Yet as recently as early August, the strength and influence of the radical forces appeared to be declining amid Western support for the Free Syrian Army and the mainstream Syrian National Coalition.
The sharp reversal of fortunes, accompanied by a general turn against the exile-led political opposition to Assad's minority Alawite regime, "largely resulted from the Obama administration's decision to cancel planned airstrikes against the Assad regime" over an Aug. 21 chemical attack that reportedly killed 1,400 civilians, Oxford Analytica observed.
That move "shattered the legitimacy of the FSA and the SNC's pro-Western stance, and emboldened hard-liners."
It also deepened a rift between the United States and its longtime allies in Saudi Arabia and the Persian Gulf monarchies that will only benefit Assad.
The U.S. decision to pursue diplomatic efforts with Russia to dismantle Syria's chemical weapons rather than direct military action, and the unexpected opening with Iran, Assad's main ally, under its new reformist president, have aggravated a growing rift between the U.S. and Saudi Arabia.
The kingdom, which has become obsessed with toppling Assad to block Shiite Iranian expansion throughout the gulf, across Iraq and into the Sunni-dominated Levant, is now a major supporter of Islamist groups in Syria.
These developments are likely to doom the already limited expectations of a political breakthrough in the 2 1/2-year-old Syrian war at the upcoming Geneva II negotiations, analysts say.
On top of these developments, analysts say the indications are that foreign Sunni jihadists are flocking in greater numbers to Syria to battle Assad, whose Alawite sect is an offshoot of Shia Islam, than the flow of Islamist fighters into Afghanistan in the 1979-89 war against the invading Soviets.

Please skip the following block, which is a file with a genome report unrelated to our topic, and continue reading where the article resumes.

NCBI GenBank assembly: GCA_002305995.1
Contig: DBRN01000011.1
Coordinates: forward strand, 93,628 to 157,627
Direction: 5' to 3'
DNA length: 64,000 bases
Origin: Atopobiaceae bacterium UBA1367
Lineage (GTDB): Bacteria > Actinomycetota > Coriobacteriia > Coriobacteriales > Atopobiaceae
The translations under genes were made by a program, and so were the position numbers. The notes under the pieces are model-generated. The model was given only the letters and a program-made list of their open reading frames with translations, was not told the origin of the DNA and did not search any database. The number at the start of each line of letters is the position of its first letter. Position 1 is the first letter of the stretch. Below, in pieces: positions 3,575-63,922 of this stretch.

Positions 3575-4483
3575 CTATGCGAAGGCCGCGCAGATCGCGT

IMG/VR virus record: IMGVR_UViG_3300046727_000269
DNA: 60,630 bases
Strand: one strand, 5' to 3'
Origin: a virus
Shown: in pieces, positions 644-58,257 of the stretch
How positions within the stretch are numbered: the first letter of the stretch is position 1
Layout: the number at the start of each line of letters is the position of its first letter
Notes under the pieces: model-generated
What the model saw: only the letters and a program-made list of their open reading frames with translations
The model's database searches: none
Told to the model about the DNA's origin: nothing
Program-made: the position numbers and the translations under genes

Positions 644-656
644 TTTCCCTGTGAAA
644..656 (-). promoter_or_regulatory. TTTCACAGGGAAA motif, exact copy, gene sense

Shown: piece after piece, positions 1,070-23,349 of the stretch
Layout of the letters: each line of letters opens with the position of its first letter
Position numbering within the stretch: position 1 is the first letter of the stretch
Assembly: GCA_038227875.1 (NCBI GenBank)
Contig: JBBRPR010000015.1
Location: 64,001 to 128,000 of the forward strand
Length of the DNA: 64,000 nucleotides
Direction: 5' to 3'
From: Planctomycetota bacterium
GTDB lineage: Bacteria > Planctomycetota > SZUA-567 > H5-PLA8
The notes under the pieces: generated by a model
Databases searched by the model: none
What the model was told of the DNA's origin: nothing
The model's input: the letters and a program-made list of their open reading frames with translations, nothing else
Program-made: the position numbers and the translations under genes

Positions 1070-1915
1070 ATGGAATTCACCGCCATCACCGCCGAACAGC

This, in turn, accelerates the radicalization of the Syrian opposition and at the same time heightens the sectarian nature of the conflict, reflecting the swelling Sunni-Shiite confrontation across the region led by bitter rivals Saudi Arabia and Iran.
That's bad news for the Middle East, particularly Syria's neighbors, Iraq, Lebanon and Jordan, which are being inexorably drawn into the conflict.
Analysts estimate that 5,000 to 10,000 foreign fighters have poured into Syria since the civil war erupted March 14, 2011, to join the jihadist organizations.
The main beneficiaries have been the Islamic State of Iraq and the Levant, an affiliate of al-Qaida also fighting in Iraq, and the al-Nusra Front.
An estimated 40 percent of ISIL's 4,000 to 5,000 fighters are foreign while about 20 percent of al-Nusra's 6,000 to 7,000 men are foreigners.
Both groups are recruiting heavily, using slick propaganda videos online to attract young Muslims, adding a dangerous new dimension to a multisided war and threatening possible terrorist activity when these volunteers return to their home countries.
These groups place great emphasis on suicide operations, which they now routinely film. These tell the stories of the suicide bombers and demonstrate their religious fervor.
The leading French newspaper Le Monde last week quoted France's intelligence service as reporting a significant spike in the numbers of jihadists flocking to Syria, many of them from Europe.
"Nothing like it has ever been seen before, even for Afghanistan," a senior officer said.
John R. Schindler, professor of national security at the U.S. Naval War College and a counterterrorism specialist, said Le Monde's report "paints a dire portrait of the rising number of Westerners going to wage jihad in Syria."
But more than these concerns, most observers are increasingly worried about the widening split between Washington and Riyadh that greatly complicates an already labyrinthine conflict.
Most critically, U.S. President Barack Obama's sudden move away from military action, on which the mainstream rebel had been counting to cover a new offensive, "prompted Riyadh to begin shifting its support away from the pro-Western Syrian opposition and toward Islamist factions," Oxford Analytica noted.
But this is not expected to prevent the jihadists expanding their position "at the expense of mainstream insurgents...
"Radicalization of the insurgency will benefit the Assad regime," as the growth of al-Qaida affiliates "will further undermine international efforts to build a credible opposition that can engage in talks on a political transition."
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